The iPhone X came out earlier this month, marking 10 years since the release of the first iteration of Apple’s ubiquitous device. Since the beginnings of smartphones, psychologists have been interested in studying the effects of technology on sleep, attention and stress. Some psychologists are finding that technology use may be giving users symptoms that resemble attention-deficit hyperactivity disorder (ADHD).
“The more technology that we have, the more ADHD-like symptoms people can develop who are not ADHD,” Seattle-based Adult ADHD Physician Dr. Angela Heithaus said. “Or, if you have ADHD, it can make the symptoms even worse.”
California-based clinical psychologist Dr. Lara Honos-Webb said that for those who won’t be diagnosed with ADHD, her top two alternative explanations for lack of focus are sleep deprivation and technology.
“We have worldwide entertainment and news in the palm of our hands, which is incredibly distracting. Our brains did not evolve for this level of stimulation that is highly addictive,” Honos-Webb said.
An episode of the CBS newsmagazine “60 Minutes” explored the impacts of what is being called “brain hacking,” or the intentional engineering of phones, apps and social media to get users hooked. Programmers and app developers are honing in on how users experience reward and pleasure to encourage users to check their phones more frequently. This type of brain hacking can encourage distractibility and prompt increased stress.
But, if the symptoms are so similar, how can someone tell if their attention struggles are attributable to ADHD or to an alternative explanation?
Self-Diagnosis, Misdiagnosis and Clinical Diagnosis
Self-diagnosis, both false and correct, can often be traced back to information from peers or from the internet. Heithaus thinks that increased information about ADHD online and published by media has caused more of her patients to suspect that their symptoms are due to ADHD.
“There’s more information about it, and people will come in having maybe done some online test. They’ll come in and say, ‘I scored kind of high and I went over the symptoms’ and because of the awareness and the access to information people come in thinking they have ADHD,” Heithaus said.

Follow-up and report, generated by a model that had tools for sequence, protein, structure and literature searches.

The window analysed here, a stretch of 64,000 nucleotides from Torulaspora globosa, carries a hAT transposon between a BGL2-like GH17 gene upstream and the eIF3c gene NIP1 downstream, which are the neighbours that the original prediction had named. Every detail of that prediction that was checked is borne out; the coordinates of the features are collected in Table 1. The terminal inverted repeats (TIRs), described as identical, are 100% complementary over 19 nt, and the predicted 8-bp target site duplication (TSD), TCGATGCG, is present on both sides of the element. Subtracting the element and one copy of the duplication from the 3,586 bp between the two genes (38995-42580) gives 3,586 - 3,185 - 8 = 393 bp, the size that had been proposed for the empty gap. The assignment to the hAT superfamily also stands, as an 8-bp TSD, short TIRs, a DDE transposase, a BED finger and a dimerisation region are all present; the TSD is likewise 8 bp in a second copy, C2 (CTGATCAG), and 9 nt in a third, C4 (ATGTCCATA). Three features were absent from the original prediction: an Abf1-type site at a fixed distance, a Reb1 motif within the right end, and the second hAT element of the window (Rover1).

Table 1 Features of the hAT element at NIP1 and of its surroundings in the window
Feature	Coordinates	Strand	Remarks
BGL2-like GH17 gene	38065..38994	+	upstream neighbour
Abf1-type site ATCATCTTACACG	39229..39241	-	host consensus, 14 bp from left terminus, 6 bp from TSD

Due to the multitude of alternative explanations and the dangers of misdiagnosis, Honos-Webb stressed the importance of a thorough psychological evaluation.
“No mental disorder should be diagnosed in 45 minutes, particularly with something like ADHD,” Honos-Webb said. “Psychiatrists and psychologists may say ‘We are only reimbursed for [..] one session for diagnosis, so that’s how long I’m going to take,’ but if you went to your car repair mechanic and he said ‘I only get reimbursed to spend one hour to fix your brakes, but it takes me five hours,’ What are you going to do? You’re going to say, ‘Fix my brakes.’”
Honos-Webb said that while a lengthy evaluation is likely to incur out-of-pocket costs, misdiagnosis can be dangerously counterproductive.
“We are talking about the rest of your life and a diagnosis that you want to rule out alternative explanations for,” Honos-Webb said. “If you’re treating someone for ADHD and what they really are is depressed, then what you’ve done is you’ve created a whole new set of problems for them without actually treating the depression.”
Attention in the Classroom
Seattle University professor of philosophy Eric Severson has produced work investigating the danger of using a medical model to treat psychological disorders and illnesses. Severson is concerned with ways that insurance billing can confine individuals to specific methods of treatment.
“In the medical model, you get a broken leg and there’s a certain amount of surgeries and therapy that you need, and insurance can pay for in order to fix that,” Severson said. “I’m not sure that we should think about depression and anxiety in the ways that we think about depression, anxiety, or a variety of psychosis or issues like ADHD in the same way that we would treat an injury. I think pushing it in that direction could be more counterproductive and harmful.”
Severson said that he tries to be mindful that he teaches students with varying attention abilities and tries to modify his philosophy classes to be a good fit for the diverse population that he instructs.
“There was a time that I used a lot of [PowerPoints and video clips] thinking it would facilitate the maintenance of attention,” Severson said. “Instead I intend to use more stories and narratives and that seems to be much more effective than diverting students’ attention from my face or one another’s faces to screens. I think there’s much to be learned pedagogically from studying what helps children pay attention whether or not they’re susceptible to a certain diagnosis.”